The Book Booth is a weekly feature at The Political Carnival, relating news, notes, and reflections from the world of books and publishing. @SeattleDan, along with his wife, @SeattleTammy, are operators of both an on-line bookstore here, as well as a brick and mortar storefront mini-store in Hoquiam, WA at 706 Simpson Ave (Route 101 South). Both have been in the book business since shortly after the Creation, or close to 6000 years now.
The Book Booth: Happy Holidays Edition
The solstice is imminent, and Christmas Day is not far behind. I hope this finds one and all ready for the holidays, and that you may sit, relax and enjoy a warm beverage. And perhaps you can watch the falling, silent snow. Enjoy this video from The Guardian. Snow
But if you haven't finished your shopping, our old friend, buddy, pal, chum and otherwise voracious reader, Bill Gates has some suggestions as he recently picked his favorite books for the year. H/T to Lucian for finding this story. Bill Gates's Favorite Books
Then there are those problem people on your shopping list. What do you get Captain Ahab for Christmas anyway? The folks at Bustle have some ideas for gifts for fictional characters. (Though Richard III wasn't really fictional).
Gifts For Fictional Characters
Good news for fans of Judy Blume. The famed writer of books for young adults will publish a new novel, directed at adults, her first in 15 years, this next June. Flavorwire has the details.
Judy Blume Novel for Adults
But sad news for fans of Clifford the Big Red Dog, whose creator, Norman Bridwell, recently passed away at the age of 86.
It seems that the Bard was not always the bees knees and certainly not during his lifetime. Apparently there was no Shakespearomania until long after his death. Salon has this interesting article on how Shakespeare became, well, Shakespeare.
And this is sweet. Neil Gaiman and Molly Oldfield reading A Christmas Carol for the New York Public Library.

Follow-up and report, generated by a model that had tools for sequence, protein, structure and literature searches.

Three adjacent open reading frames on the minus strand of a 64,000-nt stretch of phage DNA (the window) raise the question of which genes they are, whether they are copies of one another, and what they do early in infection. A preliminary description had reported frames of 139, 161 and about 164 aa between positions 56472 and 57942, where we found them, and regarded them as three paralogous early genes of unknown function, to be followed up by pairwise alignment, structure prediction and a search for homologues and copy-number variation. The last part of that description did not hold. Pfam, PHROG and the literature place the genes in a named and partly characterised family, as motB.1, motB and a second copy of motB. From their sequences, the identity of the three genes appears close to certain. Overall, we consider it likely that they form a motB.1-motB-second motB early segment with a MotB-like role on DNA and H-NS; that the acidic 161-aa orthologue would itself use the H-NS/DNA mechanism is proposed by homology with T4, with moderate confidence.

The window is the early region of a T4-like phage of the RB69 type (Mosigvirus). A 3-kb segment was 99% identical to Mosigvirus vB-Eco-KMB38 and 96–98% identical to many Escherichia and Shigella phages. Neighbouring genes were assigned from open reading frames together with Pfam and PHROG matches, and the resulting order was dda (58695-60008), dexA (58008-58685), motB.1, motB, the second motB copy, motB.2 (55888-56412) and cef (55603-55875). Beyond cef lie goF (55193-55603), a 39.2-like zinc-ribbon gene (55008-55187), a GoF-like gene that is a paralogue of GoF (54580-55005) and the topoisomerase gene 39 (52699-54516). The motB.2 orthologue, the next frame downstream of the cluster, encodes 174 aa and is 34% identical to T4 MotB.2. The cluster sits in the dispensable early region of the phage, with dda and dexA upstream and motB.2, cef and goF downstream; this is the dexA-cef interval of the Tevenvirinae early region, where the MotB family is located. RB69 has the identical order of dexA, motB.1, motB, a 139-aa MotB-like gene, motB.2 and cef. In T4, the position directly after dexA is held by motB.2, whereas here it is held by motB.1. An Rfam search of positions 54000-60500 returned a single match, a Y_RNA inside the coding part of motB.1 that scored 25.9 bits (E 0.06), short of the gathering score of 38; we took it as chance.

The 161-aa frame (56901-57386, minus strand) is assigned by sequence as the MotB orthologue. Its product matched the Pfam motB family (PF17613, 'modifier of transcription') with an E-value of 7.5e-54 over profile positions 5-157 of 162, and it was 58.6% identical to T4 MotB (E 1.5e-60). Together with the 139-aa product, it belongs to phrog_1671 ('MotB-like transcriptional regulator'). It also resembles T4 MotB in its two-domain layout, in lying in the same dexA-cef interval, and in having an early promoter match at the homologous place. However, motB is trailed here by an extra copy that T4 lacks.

It has become a tradition with me to close my holiday posts both here at The Political Carnival and back in the days when we wrote at Jesus' General, with this closing of the third "stave" as Charles Dickens called it, when the Spirit of Christmas Past takes his leave of Scrooge. It is haunting, sad and still all too relevant today.
"To-night at midnight. Hark! The time is drawing near."
The chimes were ringing the three quarters past eleven at that moment.
"Forgive me if I am not justified in what I ask," said Scrooge, looking intently at the Spirit's robe, "but I see something strange, and not belonging to yourself, protruding from your skirts. Is it a foot or a claw?"
"It might be a claw, for the flesh there is upon it," was the Spirit's sorrowful reply. "Look here."
From the foldings of its robe, it brought two children; wretched, abject, frightful, hideous, miserable. They knelt down at its feet, and clung upon the outside of its garment.
"Oh, Man, look here! Look, look, down here!" exclaimed the Ghost.
They were a boy and a girl. Yellow, meagre, ragged, scowling, wolfish; but prostrate, too, in their humility. Where graceful youth should have filled their features out, and touched them with its freshest tints, a stale and shrivelled hand, like that of age, had pinched, and twisted them, and pulled them into shreds. Where angels might have sat enthroned, devils lurked, and glared out menacing. No change, no degradation, no perversion of humanity, in any grade, through all the mysteries of wonderful creation, has monsters half so horrible and dread.
Scrooge started back, appalled. Having them shown to him in this way, he tried to say they were fine children, but the words choked themselves, rather than be parties to a lie of such enormous magnitude.
"Spirit, are they yours?" Scrooge could say no more.
"They are Man's," said the Spirit, looking down upon them. "And they cling to me, appealing from their fathers. This boy is Ignorance. This girl is Want. Beware them both, and all of their degree, but most of all beware this boy, for on his brow I see that written which is Doom, unless the writing be erased. Deny it!" cried the Spirit, stretching out its hand towards the city. "Slander those who tell it ye. Admit it for your factious purposes, and make it worse. And abide the end."
"Have they no refuge or resource?" cried Scrooge.
"Are there no prisons?" said the Spirit, turning on him for the last time with his own words. "Are there no workhouses?"
From A Christmas Carol
Both Seattle Tammy and I wish to send along our seasons greetings to our fine readers. Happy Hanukkah, Merry Christmas, Happy Holidays everyone and good books for us all.